“Very little of the grassland receives fertilizer as we like to keep inputs to a minimum but this also has the added benefit of the increased growth of naturally occurring legumes which in turn benefit the cattle and sheep performance.”
Hull Farms relies upon the careful selection of poll Charolais bulls for its profitability. Edward explained: “When it comes to replacing one of our 26 bulls we look to EBVs as an essential guide to future performance, selecting bulls within the top 10% for 200 and 400 day weights, as well as all important calving ease. However, I still have to like the look of a bull.” He continued: “As well as the Hereford cross cows which we find to be very docile, we also favour Charolais bulls for their temperament. With our numbers we can’t afford for any animal to so much as look at me the wrong way.” Each bull is fertility tested every spring.
Dam condition and health is recognised as an equally important part of the low input, maximum output system. “We target condition score 3 to 3.5 at bulling and 2.5 by calving.” Spring 2016 will see 75% of the spring calving block due to calve within the first four weeks of the 10 week period. Edward continued: “We split the herd into sub-groups of 60 or 90 cows with calves at foot, with one bull per 30 cows to maximise fertility.” A further 100 cows calve in an eight week autumn calving period.
Heifers are bulled at 18 to 24 months and then wintered outside on hay and straw, as we have so many cows on the farm we currently have a policy of culling cows over 10 years old. Cows are housed in open roofed corrals, bedded on woodchip and chopped straw, and fed 15kg/day/head of chopped straw, citrus pulp, molasses and meal. Approximately 200 replacement Hereford cross heifers are sourced each year and reared as bucket calves. “We pay particular attention to health and vaccinate them against pneumonia and keeping them in small batches so we can isolate and treat any health issues effectively.”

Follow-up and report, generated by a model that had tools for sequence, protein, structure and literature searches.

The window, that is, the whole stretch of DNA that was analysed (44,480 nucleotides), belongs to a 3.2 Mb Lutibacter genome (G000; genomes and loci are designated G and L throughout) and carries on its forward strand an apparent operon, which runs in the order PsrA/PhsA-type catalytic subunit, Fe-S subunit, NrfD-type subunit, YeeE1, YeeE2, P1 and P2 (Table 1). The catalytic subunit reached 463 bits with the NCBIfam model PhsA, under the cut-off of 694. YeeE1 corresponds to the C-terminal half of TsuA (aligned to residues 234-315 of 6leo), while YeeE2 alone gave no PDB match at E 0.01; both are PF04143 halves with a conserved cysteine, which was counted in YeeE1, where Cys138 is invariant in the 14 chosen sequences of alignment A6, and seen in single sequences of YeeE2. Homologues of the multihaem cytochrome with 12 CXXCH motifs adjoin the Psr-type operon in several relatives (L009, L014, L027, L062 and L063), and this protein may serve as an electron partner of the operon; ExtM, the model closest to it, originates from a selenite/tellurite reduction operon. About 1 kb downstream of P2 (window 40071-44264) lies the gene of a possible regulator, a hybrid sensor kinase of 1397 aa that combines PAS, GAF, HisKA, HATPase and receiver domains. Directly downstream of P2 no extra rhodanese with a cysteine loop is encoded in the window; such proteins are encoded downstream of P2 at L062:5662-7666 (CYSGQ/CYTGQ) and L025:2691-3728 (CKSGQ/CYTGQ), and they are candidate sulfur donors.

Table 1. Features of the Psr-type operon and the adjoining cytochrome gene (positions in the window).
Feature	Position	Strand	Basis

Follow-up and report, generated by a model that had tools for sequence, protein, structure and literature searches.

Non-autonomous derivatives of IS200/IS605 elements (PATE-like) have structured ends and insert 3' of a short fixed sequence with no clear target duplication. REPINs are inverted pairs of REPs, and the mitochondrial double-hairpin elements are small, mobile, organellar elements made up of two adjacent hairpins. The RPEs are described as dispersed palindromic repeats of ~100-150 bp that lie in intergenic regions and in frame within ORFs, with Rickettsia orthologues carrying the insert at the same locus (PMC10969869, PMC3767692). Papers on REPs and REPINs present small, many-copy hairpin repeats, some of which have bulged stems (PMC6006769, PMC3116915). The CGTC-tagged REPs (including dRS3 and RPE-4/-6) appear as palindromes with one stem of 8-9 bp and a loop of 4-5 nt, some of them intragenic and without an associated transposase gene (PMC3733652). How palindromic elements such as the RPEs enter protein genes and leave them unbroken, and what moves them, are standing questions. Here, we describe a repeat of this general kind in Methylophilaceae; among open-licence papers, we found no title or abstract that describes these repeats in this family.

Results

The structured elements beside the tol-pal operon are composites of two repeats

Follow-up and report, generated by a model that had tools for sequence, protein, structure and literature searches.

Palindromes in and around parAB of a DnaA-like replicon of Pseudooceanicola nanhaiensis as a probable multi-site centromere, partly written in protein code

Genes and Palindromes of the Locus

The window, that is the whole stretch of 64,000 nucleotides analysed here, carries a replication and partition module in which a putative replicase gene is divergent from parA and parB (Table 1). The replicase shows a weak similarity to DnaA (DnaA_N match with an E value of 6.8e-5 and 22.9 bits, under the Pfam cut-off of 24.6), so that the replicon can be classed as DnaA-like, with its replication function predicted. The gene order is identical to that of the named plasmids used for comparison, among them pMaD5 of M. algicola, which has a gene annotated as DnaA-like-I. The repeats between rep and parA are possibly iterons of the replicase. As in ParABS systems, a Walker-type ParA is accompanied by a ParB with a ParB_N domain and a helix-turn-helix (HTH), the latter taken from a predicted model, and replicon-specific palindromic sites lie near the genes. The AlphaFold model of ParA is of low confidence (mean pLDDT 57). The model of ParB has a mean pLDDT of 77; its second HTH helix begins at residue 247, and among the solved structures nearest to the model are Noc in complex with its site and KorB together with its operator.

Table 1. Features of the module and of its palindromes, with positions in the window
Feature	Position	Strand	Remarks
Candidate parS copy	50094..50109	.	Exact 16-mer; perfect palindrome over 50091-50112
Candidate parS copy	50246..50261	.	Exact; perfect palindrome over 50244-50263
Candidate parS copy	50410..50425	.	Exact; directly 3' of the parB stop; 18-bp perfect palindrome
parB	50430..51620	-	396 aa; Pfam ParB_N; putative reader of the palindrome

Weaned Charolais cross suckled calves are marketed through markets in the midlands, and transported weekly in batches of 75 throughout September and October in the farm’s own lorry. “It makes sense for us to take our cattle to the Midlands, where the buyers are, and transporting them ourselves means we can manage travel costs and also reduce stress.”
To further reduce stress and maximise growth at weaning Edward also feeds 2kg/day of a blended mix creep feed, 13ME kg/DM and 17% crude protein, in the last six weeks before sale.
Confidence in Charolais genetics and the future of the beef sector are integral to the enterprise’s growth, Edward explains: “We would love to have a farm business that our sons and daughter could be involved in 15 years’ time, if they wanted to, and we are not scared of change or challenges, embracing new ideas and technology including EID in the near future.
“In the meantime, our grazing land enables us to farm competitively and keep costs low, and as conservation grazing becomes increasingly available we can step up our acreage and further expand cow numbers by up to 33%, solely put to Charolais sires. This will mean we can offer a higher volume of uniform calves and achieve greater economies of scale without excessive labour or feed requirements due to the Charolais sires’ ease of calving and fast growing traits.”